Of Lament and Gratitude


[1] In its nine years of publication Journal of Lutheran Ethics has become synonymous with the best characteristics of moral deliberation and an internationally appreciated tool for theological reflection. The Rev. Kaari Reierson, founding editor, has been the single most significant reason for its existence, shape and success. This fact did not preclude the elimination of her position as Associate Director with the Studies Department of Church in Society. That position was swept away in the October 11, 2010 redesign of the ELCA's churchwide organization, effective immediately.

[2] Such an event is a moment for lament, an often-overlooked resource in Scripture for people of faith. Reduced mission support truly is the bottom line for most of the redesign decisions, though not all of them, and necessarily many excellent staff and programs were swept away. Kaari's departure from Studies and JLE is a time for lamentation, a seething cry of outrage, anguish, and regret since it demonstrates that hard work does not pay off, excellence goes unrecognized and much in life, even in the church, is deplorably unfair.

[3] It is also a moment for gratitude. This November issue is the last one that Kaari actively helped to shape, but JLE remains her legacy and will bear her stamp for years into the future. Its balance is a tribute to her insistence upon hearing multiple reasonings on an issue. The substantial level of reflection that does not sacrifice accessibility reflects her keen intelligence that never hinted of arrogance. Its timeliness expresses her attentiveness to changing media and cultural developments. Its liveliness mirrors her personal vitality.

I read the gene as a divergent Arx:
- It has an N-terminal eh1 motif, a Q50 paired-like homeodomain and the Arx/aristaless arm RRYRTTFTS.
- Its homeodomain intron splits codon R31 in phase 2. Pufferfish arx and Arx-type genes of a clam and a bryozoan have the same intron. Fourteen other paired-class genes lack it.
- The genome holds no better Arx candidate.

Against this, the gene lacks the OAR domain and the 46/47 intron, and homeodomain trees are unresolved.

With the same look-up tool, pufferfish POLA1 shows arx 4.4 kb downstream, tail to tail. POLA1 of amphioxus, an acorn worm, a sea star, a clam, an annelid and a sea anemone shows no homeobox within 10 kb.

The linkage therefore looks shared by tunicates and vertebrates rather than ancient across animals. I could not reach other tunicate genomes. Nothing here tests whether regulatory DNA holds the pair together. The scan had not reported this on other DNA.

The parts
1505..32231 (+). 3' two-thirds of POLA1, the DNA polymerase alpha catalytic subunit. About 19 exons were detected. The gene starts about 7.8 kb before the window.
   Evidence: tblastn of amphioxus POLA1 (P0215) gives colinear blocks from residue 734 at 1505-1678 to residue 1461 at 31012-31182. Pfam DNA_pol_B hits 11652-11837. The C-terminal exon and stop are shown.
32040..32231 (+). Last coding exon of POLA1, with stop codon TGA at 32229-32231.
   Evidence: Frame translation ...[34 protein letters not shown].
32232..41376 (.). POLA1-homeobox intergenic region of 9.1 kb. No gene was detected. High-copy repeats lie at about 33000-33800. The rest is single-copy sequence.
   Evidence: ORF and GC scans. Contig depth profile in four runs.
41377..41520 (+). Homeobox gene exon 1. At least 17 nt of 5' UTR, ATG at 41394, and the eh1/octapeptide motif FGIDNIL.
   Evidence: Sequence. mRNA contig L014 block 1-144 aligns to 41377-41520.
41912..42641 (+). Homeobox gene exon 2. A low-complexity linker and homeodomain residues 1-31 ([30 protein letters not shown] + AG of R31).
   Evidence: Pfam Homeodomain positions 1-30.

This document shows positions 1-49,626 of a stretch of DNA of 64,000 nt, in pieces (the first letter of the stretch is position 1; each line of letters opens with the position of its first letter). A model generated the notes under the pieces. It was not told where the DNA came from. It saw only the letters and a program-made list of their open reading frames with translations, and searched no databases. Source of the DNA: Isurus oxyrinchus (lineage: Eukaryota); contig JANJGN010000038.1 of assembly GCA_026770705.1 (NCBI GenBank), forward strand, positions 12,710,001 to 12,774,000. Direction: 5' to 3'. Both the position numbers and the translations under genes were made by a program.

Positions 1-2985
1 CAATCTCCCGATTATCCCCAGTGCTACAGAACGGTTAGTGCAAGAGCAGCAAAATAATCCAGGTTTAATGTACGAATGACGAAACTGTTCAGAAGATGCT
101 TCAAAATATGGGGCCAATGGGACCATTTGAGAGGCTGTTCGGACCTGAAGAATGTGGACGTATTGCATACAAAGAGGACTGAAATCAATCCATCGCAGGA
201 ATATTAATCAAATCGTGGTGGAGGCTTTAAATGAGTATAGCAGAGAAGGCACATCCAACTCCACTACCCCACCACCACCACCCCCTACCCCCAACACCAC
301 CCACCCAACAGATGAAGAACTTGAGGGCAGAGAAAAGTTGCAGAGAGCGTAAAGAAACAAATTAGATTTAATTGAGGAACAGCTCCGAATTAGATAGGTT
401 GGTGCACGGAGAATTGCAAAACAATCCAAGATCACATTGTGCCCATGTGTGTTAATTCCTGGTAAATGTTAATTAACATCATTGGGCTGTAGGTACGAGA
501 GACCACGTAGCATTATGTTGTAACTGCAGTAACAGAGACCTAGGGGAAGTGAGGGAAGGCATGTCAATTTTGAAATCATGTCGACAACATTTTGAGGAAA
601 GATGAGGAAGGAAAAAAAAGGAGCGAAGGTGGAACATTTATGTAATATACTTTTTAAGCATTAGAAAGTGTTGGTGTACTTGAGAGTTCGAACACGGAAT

[4] The insane commitment to monthly publication amid the strife and demands of the last five years was possible only because of Kaari's diligence and willingness to sacrifice personal space for the sake of its mission. The journal's growing reputation as a means for excellent moral deliberation is a tribute to Kaari's deep understanding of what it means for the ELCA to be a community of moral deliberation dedicated to seeking justice and being a public church. Kaari's good-bye thoughts to JLE are characteristic too, concise and straightforward. They do not draw attention to her immeasurable contribution or personal situation.

[5] The JLE community, however, will lament Kaari's departure even as it can give thanks that JLE will continue to be published. It can give thanks, also, that JLE necessarily bears her commitment to excellence and her personal imprint, for which, Kaari, we all are in your debt.

Roger Willer is the director of the ELCA Department for Studies.

© November 2010
Journal of Lutheran Ethics
Volume 10, Issue 11